What is it?
Jeffrey Stenbom (b. Harrisburg, Illinois 1978)
Kiln-formed glass, found objects, and one-way mirrored float glass
24 x 24 x 24 in.
Purchased 2021, James and Karen Hyde
About the Work
Jeffrey Stenbom lives in Minnesota near the Wisconsin border. His primary medium is glass. He is attracted by its beauty, but also sees in its conflicting qualities of strength and fragility parallels in himself. A US Army veteran, Stenbom enlisted immediately after 9/11, serving a six-month tour of duty in Kosovo and then eight months in Iraq. He came back home and turned to making art in an effort to find solace from post-traumatic stress disorder (PTSD). While preferring glass, he always searches for the medium he feels is best suited to express the idea at hand. Stenbom is what noted curator and critic Glenn Adamson calls a “post-disciplinary” artist.
Prior to his military service, Stenbom studied neon. In 2005, upon resuming his education after Iraq, he became enamored with kiln-formed glass. In this process, glass is shaped by gravity interacting with the heat of a kiln. After exploring it first at a community college, Stenbom completed his undergraduate work at the University of Wisconsin–River Falls where, in his final year, he worked with faculty member Eóin Breadon. In 2015, Stenbom received his MFA from Tulane University in New Orleans, where he studied under Gene Koss, a University of Wisconsin–River Falls alumnus.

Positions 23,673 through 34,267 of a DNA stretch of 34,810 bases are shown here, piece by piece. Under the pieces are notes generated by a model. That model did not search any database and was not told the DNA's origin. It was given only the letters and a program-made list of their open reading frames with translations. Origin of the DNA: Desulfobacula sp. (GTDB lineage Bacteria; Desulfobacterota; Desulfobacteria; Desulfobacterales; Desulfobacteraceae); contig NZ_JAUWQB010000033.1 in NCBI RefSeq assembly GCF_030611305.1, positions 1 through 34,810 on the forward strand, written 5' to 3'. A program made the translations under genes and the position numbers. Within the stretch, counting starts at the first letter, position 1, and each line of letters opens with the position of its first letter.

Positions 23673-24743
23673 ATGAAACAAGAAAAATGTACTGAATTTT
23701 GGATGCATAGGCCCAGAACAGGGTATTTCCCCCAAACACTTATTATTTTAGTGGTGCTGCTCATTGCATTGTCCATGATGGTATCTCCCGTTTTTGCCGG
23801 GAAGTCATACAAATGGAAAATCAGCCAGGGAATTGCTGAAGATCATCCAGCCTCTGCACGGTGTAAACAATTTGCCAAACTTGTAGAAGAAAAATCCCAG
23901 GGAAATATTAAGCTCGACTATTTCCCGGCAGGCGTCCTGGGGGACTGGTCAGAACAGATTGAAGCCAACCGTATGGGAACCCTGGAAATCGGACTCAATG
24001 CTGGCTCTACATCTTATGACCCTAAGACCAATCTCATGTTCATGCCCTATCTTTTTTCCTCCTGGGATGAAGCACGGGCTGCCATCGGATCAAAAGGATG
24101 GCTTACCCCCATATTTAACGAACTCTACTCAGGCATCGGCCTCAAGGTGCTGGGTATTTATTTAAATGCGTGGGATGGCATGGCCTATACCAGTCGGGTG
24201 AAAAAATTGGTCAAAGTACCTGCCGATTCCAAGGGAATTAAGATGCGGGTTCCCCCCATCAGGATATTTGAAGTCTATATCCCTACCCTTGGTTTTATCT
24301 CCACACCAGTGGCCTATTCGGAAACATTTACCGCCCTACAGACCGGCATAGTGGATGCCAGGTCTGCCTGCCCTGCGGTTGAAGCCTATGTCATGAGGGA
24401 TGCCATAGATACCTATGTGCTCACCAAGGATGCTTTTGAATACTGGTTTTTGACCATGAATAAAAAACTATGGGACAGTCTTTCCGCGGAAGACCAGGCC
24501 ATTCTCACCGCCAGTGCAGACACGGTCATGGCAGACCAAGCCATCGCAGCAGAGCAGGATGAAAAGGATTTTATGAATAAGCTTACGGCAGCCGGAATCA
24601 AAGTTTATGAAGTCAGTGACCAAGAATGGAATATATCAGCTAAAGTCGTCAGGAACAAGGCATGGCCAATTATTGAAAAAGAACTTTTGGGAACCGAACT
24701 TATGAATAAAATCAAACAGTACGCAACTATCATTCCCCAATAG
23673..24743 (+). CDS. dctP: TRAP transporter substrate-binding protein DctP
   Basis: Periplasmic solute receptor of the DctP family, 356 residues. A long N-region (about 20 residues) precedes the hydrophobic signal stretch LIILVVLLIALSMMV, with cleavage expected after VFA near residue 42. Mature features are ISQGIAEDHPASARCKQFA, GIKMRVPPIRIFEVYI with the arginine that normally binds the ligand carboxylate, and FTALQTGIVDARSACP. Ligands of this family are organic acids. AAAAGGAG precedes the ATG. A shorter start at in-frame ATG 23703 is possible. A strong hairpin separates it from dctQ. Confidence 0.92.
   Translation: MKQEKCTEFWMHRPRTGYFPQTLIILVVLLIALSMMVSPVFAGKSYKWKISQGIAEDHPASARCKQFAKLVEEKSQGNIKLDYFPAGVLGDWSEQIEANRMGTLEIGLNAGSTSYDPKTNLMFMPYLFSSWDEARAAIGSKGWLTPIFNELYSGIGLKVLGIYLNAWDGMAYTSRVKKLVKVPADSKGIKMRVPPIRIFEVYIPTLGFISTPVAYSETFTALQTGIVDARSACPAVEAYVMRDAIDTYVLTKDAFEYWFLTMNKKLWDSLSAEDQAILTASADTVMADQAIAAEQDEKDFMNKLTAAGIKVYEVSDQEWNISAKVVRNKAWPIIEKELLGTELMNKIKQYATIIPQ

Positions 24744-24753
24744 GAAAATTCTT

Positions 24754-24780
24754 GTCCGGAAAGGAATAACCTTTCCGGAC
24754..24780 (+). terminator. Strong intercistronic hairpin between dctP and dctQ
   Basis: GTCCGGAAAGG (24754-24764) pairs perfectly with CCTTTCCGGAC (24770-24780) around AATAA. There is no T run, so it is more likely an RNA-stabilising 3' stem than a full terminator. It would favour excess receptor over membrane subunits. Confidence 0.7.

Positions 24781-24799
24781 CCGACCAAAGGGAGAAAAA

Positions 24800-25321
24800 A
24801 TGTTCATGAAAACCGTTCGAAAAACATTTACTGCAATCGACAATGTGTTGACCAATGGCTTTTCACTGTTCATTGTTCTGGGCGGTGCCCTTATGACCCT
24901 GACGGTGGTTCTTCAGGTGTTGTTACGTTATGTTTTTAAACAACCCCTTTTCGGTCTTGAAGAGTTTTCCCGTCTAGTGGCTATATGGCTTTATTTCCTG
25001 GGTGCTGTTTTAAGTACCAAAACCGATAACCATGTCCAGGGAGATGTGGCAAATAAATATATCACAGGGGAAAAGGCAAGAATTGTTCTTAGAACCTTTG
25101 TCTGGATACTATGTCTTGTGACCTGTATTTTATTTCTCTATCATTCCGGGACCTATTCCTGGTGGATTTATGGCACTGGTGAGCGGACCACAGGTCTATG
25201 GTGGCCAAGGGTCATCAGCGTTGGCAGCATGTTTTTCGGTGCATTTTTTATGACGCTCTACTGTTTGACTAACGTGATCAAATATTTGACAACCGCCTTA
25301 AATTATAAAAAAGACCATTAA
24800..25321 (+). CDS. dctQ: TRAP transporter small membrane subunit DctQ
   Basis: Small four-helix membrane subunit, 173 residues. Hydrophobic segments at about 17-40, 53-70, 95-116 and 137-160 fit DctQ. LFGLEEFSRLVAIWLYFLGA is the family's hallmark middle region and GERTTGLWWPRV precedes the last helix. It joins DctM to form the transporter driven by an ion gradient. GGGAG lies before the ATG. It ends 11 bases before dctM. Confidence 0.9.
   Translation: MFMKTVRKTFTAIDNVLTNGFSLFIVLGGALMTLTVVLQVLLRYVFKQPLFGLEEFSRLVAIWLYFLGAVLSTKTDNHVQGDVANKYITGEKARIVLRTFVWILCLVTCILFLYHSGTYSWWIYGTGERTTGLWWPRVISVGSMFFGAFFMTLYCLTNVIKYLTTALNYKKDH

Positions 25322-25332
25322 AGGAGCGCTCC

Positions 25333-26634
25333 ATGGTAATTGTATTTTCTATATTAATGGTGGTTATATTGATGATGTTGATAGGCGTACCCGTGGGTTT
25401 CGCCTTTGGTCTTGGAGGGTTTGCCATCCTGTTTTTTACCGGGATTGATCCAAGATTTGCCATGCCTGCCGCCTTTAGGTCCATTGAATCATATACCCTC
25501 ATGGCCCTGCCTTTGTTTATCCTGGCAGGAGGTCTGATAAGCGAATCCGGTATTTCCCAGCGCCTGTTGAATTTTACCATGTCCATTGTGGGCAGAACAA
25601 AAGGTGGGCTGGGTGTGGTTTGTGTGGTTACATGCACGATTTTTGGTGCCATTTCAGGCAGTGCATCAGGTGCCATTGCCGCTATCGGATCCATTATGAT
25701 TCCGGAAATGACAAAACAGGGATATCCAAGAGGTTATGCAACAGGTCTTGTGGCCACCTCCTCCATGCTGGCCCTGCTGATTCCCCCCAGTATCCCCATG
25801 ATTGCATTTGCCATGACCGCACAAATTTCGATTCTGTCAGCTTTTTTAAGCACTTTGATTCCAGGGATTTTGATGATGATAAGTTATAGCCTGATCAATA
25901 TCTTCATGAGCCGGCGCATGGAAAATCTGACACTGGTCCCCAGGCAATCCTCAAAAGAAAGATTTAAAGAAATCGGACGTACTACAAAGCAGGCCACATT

Everlasting Impact is one of four works that comprised Stenbom’s graduate show at Tulane. The show was meant to bridge the divide between those who have served and those who have not. Everlasting Impact seeks to demonstrate that PTSD is not unique to conditions of war, but challenges multitudes as part of daily existence. Here, a pair of kiln-formed boots, cast from those he wore in Iraq, sit isolated in a glass vitrine amidst an assault rifle’s spent brass bullet casings. From certain vantage points, its spectral image is echoed in the one-way mirrored glass on the four walls of the vitrine. The vitrine has no top panel, which allows the intense light from a spotlight above to spill directly over the chilling contents. For Stenbom, the work is a metaphor for self: feeling at times very much alone, he is in reality surrounded by the many who suffer from PTSD.—Davira S. Taragin